I understand that is the concept but the reality is on so many occassions not the case, the Buddha abandoned his family.
[SIZE="3"]That isn't automatically bad, or good. It depends on why he left, what his wife thought of it. At the time marriages were arranged (and still are in places), which likely explains why he was married at 16. And where he grew up, it was considered a noble thing to do to seek enlightenment. The tradition holds that he left his wife and son well off, so it wasn't like he allowed them to starve. Later his wife joined him in the monastic life (as did his son), the first nun in fact, for which the Buddha established a special order for women.[/SIZE]
Retiring from life to attain is in my opinion not the purpose of life.Its like the man who never sinned because he avoided the temptations of life by seclusion, is he a saint or just a blank piece of paper with no story?
[SIZE="3"]Ahhh, well if you only study the monastic tradition topically, you won't understand why men and women have submitted to it. And who knows what the purpose of life is, do you?
Remember, I've not been talking about anything but how the Four Noble Truths apply to the pursuit of enlightenment, and in general the inner view of the Buddha's or Jesus' teaching versus the more "outer" view most people take.
Not all people who enter monastic life work hard at realization, just like all people who, say, wear a police uniform are devoted to upholding the law. The behaviors and appearance of a person doesn't decide if he is sincerely participating in his chosen path.
But for those who become monastics out of a desire to attain enlightenment, and who genuinely work at it, their reason is not to avoid "sin." The reason is to narrow the focus to practicing (similar to how spring training teams isolate themselves). Besides, a great many people (especially these days) practice as "householders," which means they work, support families, vote, etc. but also are strongly committed to daily practice.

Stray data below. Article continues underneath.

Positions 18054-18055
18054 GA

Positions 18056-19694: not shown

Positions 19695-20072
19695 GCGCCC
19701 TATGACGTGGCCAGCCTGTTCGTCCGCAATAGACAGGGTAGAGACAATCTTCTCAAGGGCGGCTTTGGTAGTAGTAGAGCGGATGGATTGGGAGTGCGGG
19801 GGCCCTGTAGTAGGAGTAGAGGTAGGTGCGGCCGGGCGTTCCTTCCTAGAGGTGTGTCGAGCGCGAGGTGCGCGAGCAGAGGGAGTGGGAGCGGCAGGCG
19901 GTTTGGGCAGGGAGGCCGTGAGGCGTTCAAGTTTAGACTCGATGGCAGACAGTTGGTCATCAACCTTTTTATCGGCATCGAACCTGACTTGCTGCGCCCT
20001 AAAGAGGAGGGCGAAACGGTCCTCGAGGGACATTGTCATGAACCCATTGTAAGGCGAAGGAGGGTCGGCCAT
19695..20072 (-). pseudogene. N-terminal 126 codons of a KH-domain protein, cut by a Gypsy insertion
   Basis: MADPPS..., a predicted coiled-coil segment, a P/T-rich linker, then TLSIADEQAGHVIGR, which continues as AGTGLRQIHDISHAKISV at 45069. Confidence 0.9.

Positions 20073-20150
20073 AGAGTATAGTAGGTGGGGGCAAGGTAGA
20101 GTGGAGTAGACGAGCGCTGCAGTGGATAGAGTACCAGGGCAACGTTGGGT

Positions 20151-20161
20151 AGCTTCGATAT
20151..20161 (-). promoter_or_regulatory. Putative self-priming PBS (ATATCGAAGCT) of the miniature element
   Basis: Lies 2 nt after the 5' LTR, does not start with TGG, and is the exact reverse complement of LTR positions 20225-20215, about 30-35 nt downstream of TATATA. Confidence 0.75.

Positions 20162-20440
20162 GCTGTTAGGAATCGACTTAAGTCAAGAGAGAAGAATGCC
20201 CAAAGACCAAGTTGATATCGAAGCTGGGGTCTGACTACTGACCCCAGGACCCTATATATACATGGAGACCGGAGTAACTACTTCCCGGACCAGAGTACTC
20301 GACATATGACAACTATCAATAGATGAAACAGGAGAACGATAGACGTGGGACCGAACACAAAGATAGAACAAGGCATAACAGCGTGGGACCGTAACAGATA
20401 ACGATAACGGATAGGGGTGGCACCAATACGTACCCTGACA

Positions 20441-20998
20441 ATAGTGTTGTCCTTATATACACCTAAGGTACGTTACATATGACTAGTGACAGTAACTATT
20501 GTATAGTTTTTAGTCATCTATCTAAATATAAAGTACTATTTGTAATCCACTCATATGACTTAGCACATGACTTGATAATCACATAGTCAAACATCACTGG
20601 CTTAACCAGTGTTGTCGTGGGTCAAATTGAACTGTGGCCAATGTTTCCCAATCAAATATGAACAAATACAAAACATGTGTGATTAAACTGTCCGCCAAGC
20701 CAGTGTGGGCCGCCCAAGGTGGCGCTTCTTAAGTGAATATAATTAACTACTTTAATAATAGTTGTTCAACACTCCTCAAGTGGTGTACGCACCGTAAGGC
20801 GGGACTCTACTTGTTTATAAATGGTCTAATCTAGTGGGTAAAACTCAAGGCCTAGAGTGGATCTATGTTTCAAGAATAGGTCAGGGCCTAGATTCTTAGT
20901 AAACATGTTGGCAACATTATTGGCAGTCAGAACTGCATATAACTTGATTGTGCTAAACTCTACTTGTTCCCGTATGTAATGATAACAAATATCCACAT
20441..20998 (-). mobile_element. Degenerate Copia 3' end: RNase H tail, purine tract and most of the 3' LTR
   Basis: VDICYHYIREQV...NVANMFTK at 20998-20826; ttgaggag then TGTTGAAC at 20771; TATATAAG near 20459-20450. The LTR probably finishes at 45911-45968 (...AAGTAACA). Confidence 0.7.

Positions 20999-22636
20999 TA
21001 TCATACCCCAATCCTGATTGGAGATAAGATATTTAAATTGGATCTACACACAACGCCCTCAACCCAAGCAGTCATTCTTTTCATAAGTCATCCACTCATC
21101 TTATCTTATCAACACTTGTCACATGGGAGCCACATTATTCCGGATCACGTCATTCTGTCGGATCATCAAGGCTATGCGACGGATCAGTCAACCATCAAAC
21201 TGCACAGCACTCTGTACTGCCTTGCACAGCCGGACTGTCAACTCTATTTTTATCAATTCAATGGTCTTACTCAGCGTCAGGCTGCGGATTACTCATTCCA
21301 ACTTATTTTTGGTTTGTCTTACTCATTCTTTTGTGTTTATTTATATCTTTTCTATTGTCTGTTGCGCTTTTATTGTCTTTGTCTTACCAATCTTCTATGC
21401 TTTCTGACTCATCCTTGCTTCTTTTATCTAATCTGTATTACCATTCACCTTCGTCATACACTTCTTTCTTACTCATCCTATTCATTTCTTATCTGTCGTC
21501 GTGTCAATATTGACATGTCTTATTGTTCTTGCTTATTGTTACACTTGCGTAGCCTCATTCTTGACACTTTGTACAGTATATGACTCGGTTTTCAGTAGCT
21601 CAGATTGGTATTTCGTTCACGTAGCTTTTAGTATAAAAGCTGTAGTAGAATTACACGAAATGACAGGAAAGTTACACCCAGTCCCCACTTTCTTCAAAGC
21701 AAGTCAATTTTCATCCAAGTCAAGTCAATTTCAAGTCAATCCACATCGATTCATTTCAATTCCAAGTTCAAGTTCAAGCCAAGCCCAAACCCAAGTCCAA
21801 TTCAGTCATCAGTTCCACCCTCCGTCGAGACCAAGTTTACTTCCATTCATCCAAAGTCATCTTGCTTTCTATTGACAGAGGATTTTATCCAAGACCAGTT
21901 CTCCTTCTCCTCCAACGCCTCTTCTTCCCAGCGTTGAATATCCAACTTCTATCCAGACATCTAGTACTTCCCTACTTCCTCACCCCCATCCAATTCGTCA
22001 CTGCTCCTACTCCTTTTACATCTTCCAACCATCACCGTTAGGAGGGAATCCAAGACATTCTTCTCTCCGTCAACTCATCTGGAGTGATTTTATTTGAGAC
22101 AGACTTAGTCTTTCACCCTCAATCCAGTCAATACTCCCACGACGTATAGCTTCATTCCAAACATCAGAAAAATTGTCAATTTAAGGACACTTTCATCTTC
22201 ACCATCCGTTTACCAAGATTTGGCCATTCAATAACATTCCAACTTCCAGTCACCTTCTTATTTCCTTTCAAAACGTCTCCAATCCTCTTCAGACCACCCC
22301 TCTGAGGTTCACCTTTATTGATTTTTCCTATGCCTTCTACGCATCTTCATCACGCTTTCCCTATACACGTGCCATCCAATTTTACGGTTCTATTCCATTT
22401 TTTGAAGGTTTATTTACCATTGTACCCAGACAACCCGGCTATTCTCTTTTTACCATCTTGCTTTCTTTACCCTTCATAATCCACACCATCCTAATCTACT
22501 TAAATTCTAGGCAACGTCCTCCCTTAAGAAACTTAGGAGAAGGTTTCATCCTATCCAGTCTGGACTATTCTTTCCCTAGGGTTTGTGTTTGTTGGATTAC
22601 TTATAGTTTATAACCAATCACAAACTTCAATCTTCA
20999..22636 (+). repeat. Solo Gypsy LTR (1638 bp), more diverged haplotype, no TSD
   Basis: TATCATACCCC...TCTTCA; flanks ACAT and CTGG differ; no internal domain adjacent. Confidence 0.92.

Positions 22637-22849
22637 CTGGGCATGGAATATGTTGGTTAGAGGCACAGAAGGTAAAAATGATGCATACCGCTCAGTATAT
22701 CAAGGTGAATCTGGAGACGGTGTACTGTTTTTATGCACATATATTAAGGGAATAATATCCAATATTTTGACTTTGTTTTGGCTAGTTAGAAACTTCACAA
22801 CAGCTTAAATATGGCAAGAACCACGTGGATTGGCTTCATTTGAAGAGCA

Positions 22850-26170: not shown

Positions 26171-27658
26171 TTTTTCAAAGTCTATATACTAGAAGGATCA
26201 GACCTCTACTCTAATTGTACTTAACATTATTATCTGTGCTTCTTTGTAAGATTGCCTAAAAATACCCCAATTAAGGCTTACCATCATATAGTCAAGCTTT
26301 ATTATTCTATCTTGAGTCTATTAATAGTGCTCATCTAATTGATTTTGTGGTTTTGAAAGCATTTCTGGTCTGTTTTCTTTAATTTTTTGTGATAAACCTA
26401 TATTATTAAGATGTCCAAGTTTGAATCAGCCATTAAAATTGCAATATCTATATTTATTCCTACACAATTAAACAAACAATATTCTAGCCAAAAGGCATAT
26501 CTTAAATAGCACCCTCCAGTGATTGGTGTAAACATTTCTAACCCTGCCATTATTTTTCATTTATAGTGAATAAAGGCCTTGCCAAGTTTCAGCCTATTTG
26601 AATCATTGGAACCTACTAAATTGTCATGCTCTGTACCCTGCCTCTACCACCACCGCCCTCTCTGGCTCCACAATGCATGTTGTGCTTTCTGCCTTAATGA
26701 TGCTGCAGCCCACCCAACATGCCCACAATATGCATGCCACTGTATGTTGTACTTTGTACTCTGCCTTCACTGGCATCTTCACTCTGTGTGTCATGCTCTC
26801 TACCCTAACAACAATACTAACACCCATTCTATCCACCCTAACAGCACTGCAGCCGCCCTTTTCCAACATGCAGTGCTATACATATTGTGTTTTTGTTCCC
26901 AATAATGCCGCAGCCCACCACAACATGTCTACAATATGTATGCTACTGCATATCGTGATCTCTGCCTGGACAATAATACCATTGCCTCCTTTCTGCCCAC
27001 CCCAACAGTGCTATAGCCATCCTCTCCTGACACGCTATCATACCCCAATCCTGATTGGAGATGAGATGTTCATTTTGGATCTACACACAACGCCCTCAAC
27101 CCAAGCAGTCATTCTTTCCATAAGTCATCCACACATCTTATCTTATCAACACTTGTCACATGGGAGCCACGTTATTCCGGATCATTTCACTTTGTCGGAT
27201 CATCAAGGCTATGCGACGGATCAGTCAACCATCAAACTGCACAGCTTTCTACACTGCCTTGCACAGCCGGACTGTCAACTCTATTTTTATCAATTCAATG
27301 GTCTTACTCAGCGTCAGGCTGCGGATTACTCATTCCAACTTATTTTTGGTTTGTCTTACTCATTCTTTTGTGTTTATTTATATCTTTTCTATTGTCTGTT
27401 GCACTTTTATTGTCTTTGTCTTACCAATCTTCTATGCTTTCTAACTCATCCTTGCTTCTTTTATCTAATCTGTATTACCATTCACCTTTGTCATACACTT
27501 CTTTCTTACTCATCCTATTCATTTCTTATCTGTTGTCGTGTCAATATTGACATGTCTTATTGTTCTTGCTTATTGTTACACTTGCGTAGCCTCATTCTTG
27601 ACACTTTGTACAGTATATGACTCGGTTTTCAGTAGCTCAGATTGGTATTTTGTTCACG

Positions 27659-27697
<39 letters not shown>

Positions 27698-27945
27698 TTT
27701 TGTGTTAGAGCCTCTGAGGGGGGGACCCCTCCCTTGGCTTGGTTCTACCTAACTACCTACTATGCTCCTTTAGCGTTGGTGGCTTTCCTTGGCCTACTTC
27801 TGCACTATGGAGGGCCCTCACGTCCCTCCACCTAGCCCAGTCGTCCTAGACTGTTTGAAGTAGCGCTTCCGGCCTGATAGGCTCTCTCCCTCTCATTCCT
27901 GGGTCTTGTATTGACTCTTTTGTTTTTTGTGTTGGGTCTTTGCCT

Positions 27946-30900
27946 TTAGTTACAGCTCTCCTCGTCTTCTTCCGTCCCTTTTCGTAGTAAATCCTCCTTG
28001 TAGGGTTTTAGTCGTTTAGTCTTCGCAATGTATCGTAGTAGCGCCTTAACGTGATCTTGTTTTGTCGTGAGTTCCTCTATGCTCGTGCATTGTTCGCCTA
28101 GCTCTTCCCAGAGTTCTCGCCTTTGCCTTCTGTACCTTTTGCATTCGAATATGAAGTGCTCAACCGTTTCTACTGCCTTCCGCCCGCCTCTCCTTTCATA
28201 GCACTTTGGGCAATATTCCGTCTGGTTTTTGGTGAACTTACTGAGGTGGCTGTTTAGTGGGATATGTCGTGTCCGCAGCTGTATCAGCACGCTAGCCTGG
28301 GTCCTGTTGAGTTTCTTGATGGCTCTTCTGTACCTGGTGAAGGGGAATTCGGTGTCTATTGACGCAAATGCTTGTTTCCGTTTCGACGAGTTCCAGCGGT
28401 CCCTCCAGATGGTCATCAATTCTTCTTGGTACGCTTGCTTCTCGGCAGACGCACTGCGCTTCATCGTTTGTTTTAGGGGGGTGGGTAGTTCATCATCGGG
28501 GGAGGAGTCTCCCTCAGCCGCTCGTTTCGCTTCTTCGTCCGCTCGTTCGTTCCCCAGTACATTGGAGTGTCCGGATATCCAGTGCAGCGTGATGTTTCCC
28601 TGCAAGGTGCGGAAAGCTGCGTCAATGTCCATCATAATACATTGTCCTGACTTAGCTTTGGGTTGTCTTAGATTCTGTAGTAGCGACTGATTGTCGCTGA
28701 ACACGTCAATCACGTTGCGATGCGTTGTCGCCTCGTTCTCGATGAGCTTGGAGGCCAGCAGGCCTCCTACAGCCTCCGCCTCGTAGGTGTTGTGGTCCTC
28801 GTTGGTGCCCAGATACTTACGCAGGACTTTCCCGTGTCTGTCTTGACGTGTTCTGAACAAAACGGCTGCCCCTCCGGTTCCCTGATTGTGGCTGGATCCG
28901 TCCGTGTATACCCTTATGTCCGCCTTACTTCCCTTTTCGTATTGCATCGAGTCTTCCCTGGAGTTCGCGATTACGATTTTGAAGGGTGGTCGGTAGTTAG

However, I find it strange that in a world full of warmongers, politicians, rich and ambitious people doing anything to get ahead, criminals ripping off fellow human beings, and ordinary people living and dying with out a clue what life was all about . . . somebody always singles out the very relative few who decide to withdraw from the insanity to work at a sincere practice. Why not single out the many millions of selfish, destructive people active IN the world? If you ask me, instead of leading people, as some of the most evil people have, they'd be better off in a monastery where they can't hurt so many.
Is there only one way to enlightenment ? We all know that life is transient and joy is always flavoured with sorrow but we have to believe in more than just flesh and blood to even attempt a higher attainment.It is no good attending church when you are an atheist.
[SIZE="3"]Okay, but let's stay on track. Remember we are talking about the conscious experience the Buddha taught. You can call anything you want "enlightenment," from getting a Ph.D to becoming a "clear" in Scientology. But if we are specifically talking about what the Buddha had attained, then things narrow considerably.
All efforts I know of (and I've studied it extensively) revolve around turning inward and "merging" with something that is already at peace inside. Now the various disciplines people use to help them stay on track in that practice are many, from yogic and Zen-like to devotional and God-centered. But at the core is always a practice of that merging experience.[/SIZE]
Do i have to believe in a soul or a higher purpose before i believe in attempting nirvana.
[SIZE="3"]Nope. In fact, in my experience it is really better to believe nothing because "beliefs" just get in the way. ( I must remind you again, that I am trying to represent what the Buddha taught, not what I think you should believe or do.)
In my opinion, belief not supported by experience always gets in the way. If you want to practice turning inward, but you have never experienced a soul or God or nirvana, then why should you believe anything about them?
It's like me teaching an alien to cook minestrone soup, but he doesn't know about heat or soup or pans or spoons or garlic, etc. Why should I tell him before he ever works with those aspects of soup making he must believe
in minestrone soup when all I have to do is give him everything and instruction on how to use them? If it all that results in the soup, there is the proof and he can believe because he sees and tastes and smells with his own senses.
Likewise, someone like the Buddha doesn't require belief at all, just understanding of what he is trying to teach and an openness to learn. In fact, the Buddhas was famous for refusing to talk about if there is a God, for example, saying that "it isn't profitable to practice." In other words, experience for yourself and know for yourself, leave "belief" out of it.[/SIZE]